Alas, alack, if you’re just hearing this now, you’re too slow.  I’ve just been informed that the event is SOLD OUT.

(You can still get an autographed copy from the bookstore at my cinema, the Jean Cocteau.   The JCC has a newly designed website, by the way.  Check it out at https://jeancocteaucinema.com/  The new design is supposed to make ordering books easier.

We’re still uploading many of the signed book in stock, fwiw — we have a lot, so that will take a while.   But all of my own titles, new and old, are available.  We also have autographed books by NEIL GAIMAN, while the supply lasts.  Neil dropped by to sign a few hundred copies for us a couple of weeks ago, while passing through the Land of Enchantment.   And we have Diana Gabaldon’s OUTLANDER novels as well, which recently finished second in the Great American Read.  This week the JCC hosted author events with LEE CHILD (creator of Jack Reacher) and CIXIN LIU (of THREE BODY PROBLEM).  Their books are not up yet, but will be soon.  Watch for them.. along with titles from John Scalzi, Mary Robinette Kowal, S.M. Stirling, Melinda Snodgrass, and many many many more).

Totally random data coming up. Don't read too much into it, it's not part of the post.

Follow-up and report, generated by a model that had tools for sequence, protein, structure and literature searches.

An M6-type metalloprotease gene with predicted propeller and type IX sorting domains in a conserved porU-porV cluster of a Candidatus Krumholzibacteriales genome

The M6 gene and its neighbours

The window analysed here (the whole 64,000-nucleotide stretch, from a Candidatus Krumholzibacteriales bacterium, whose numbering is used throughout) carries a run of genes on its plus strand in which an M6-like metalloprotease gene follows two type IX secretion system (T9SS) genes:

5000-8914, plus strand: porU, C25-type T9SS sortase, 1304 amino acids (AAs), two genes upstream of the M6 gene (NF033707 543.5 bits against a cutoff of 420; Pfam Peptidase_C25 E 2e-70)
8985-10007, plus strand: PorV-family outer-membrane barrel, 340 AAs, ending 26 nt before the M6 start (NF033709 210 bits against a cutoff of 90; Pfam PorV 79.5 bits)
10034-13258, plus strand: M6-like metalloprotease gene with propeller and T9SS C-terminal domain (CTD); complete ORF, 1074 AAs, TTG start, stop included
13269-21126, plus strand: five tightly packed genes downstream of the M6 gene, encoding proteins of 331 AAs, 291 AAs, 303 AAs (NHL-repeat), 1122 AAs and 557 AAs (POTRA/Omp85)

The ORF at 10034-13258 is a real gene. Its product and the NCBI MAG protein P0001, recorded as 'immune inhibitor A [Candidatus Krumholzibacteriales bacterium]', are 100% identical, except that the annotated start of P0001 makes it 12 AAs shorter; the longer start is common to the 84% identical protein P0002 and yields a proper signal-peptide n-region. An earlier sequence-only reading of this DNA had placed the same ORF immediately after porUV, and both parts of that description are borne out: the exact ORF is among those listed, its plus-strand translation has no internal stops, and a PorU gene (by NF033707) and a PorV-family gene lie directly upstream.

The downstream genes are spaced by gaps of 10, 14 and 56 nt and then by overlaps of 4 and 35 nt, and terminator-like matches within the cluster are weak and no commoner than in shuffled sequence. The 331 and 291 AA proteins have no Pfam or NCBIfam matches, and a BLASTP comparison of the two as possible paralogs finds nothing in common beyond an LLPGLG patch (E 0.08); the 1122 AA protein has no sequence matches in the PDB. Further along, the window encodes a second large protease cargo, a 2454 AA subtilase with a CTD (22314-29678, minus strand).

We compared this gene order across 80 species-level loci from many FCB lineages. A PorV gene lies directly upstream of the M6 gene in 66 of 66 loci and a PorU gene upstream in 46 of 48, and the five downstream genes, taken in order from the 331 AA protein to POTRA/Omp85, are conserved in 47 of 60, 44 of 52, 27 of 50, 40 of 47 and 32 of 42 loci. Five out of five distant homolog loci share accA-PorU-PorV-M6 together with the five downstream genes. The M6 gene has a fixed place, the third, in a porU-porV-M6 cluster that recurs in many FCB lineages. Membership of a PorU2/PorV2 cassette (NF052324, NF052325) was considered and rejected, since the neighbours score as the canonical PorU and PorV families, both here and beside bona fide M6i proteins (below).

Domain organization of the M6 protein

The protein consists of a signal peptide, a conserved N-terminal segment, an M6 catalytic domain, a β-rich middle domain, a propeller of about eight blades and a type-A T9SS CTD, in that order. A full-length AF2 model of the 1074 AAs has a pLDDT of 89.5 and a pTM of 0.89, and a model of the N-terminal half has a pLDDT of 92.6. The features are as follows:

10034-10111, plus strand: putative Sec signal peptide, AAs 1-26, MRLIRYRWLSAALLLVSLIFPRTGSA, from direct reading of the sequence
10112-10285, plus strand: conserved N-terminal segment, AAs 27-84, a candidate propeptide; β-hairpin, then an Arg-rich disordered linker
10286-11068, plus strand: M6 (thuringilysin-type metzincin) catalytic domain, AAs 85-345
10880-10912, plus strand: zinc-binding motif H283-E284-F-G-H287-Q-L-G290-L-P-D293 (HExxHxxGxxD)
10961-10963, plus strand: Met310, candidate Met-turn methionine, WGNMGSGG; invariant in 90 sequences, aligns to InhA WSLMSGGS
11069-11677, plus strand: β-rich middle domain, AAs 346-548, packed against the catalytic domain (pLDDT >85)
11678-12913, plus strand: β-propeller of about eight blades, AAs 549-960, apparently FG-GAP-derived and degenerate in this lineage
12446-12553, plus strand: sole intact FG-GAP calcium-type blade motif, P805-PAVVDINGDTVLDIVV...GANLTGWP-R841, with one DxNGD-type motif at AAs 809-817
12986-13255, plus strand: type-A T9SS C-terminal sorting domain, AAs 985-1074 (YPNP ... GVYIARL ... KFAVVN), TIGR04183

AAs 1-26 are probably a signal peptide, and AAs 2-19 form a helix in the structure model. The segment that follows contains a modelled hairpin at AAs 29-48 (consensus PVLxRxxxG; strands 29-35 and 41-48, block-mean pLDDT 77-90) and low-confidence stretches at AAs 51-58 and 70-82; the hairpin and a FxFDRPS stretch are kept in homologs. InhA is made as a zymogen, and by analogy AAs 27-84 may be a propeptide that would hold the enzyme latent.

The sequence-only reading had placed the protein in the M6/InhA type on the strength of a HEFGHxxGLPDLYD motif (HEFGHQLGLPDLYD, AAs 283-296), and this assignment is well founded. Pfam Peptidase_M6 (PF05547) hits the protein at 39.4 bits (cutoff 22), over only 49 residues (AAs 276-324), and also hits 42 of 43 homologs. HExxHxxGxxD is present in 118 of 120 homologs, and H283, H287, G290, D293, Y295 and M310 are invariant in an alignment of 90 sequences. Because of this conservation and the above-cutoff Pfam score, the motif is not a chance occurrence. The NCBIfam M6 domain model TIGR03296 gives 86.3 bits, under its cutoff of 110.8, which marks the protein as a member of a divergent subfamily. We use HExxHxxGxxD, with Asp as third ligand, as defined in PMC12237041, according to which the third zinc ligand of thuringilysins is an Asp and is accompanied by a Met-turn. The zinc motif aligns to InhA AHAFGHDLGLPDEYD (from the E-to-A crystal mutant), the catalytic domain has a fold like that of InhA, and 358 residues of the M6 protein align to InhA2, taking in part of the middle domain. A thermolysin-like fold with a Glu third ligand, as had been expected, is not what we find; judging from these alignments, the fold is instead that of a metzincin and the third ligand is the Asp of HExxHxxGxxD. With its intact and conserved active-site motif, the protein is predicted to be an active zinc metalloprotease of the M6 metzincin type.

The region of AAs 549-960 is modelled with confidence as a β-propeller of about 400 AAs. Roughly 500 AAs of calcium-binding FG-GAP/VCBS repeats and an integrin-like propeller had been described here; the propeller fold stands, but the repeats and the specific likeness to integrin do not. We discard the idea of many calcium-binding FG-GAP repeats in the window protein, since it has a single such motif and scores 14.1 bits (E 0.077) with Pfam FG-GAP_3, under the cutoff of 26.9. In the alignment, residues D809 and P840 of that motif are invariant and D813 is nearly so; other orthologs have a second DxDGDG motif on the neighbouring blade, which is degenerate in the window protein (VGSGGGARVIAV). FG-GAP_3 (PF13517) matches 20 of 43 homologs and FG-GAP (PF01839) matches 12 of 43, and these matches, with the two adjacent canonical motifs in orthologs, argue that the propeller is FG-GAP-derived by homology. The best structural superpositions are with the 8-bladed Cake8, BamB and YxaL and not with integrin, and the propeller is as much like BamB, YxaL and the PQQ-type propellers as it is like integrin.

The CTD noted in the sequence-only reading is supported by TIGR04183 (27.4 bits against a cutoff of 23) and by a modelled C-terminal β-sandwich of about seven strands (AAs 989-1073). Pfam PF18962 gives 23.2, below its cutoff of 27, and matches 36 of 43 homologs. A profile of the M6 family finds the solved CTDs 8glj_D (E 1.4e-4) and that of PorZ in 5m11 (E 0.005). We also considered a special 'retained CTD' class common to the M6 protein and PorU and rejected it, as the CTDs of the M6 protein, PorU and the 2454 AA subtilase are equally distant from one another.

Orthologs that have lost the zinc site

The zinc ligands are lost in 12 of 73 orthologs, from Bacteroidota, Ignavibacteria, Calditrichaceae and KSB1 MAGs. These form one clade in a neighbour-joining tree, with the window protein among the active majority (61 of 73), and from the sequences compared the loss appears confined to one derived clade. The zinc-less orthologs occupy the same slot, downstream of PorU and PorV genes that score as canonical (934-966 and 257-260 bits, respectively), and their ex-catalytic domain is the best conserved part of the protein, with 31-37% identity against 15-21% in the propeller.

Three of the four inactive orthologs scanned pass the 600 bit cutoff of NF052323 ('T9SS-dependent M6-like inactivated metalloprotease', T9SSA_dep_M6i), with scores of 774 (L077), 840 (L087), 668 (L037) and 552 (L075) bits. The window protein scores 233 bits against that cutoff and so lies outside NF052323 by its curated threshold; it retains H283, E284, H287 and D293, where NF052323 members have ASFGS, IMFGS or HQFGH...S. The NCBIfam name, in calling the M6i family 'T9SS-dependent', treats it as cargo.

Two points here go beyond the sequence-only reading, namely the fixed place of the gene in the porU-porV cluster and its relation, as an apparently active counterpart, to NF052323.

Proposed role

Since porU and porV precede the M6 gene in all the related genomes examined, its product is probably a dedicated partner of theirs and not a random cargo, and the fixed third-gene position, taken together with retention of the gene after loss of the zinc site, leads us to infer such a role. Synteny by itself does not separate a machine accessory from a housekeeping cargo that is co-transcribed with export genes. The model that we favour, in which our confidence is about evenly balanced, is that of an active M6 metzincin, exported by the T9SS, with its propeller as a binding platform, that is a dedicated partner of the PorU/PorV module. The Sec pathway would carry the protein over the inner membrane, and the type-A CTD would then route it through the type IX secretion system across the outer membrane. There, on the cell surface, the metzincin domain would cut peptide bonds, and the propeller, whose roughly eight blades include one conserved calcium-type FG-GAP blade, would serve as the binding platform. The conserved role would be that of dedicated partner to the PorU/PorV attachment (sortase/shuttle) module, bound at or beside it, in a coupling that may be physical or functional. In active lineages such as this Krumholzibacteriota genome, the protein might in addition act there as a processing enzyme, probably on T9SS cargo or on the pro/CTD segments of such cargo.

Wild Cards Take Texas

November 6, 2018 at 7:30 am
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The Jokertown Mob is heading for San Antonio, along with Rubberband, Rustbelt, and the Amazing Bubbles.

And yes, they will be in your favorite bookstore TODAY.   It’s publication day for TEXAS HOLD ‘EM.

TEXAS HOLD ‘EM is the final book in the America Triad, and the twenty-seventh volume of the overall series… but no, it’s not necessary to have read the first twenty-six to enjoy this one.   It’s a stand-alone, like MISSISSIPPI ROLL and LOW CHICAGO.   This one is lighter in tone than most Wild Cards books: a bit of a romp, if truth be told, blending Wild Cards action with a touch of screwball comedy.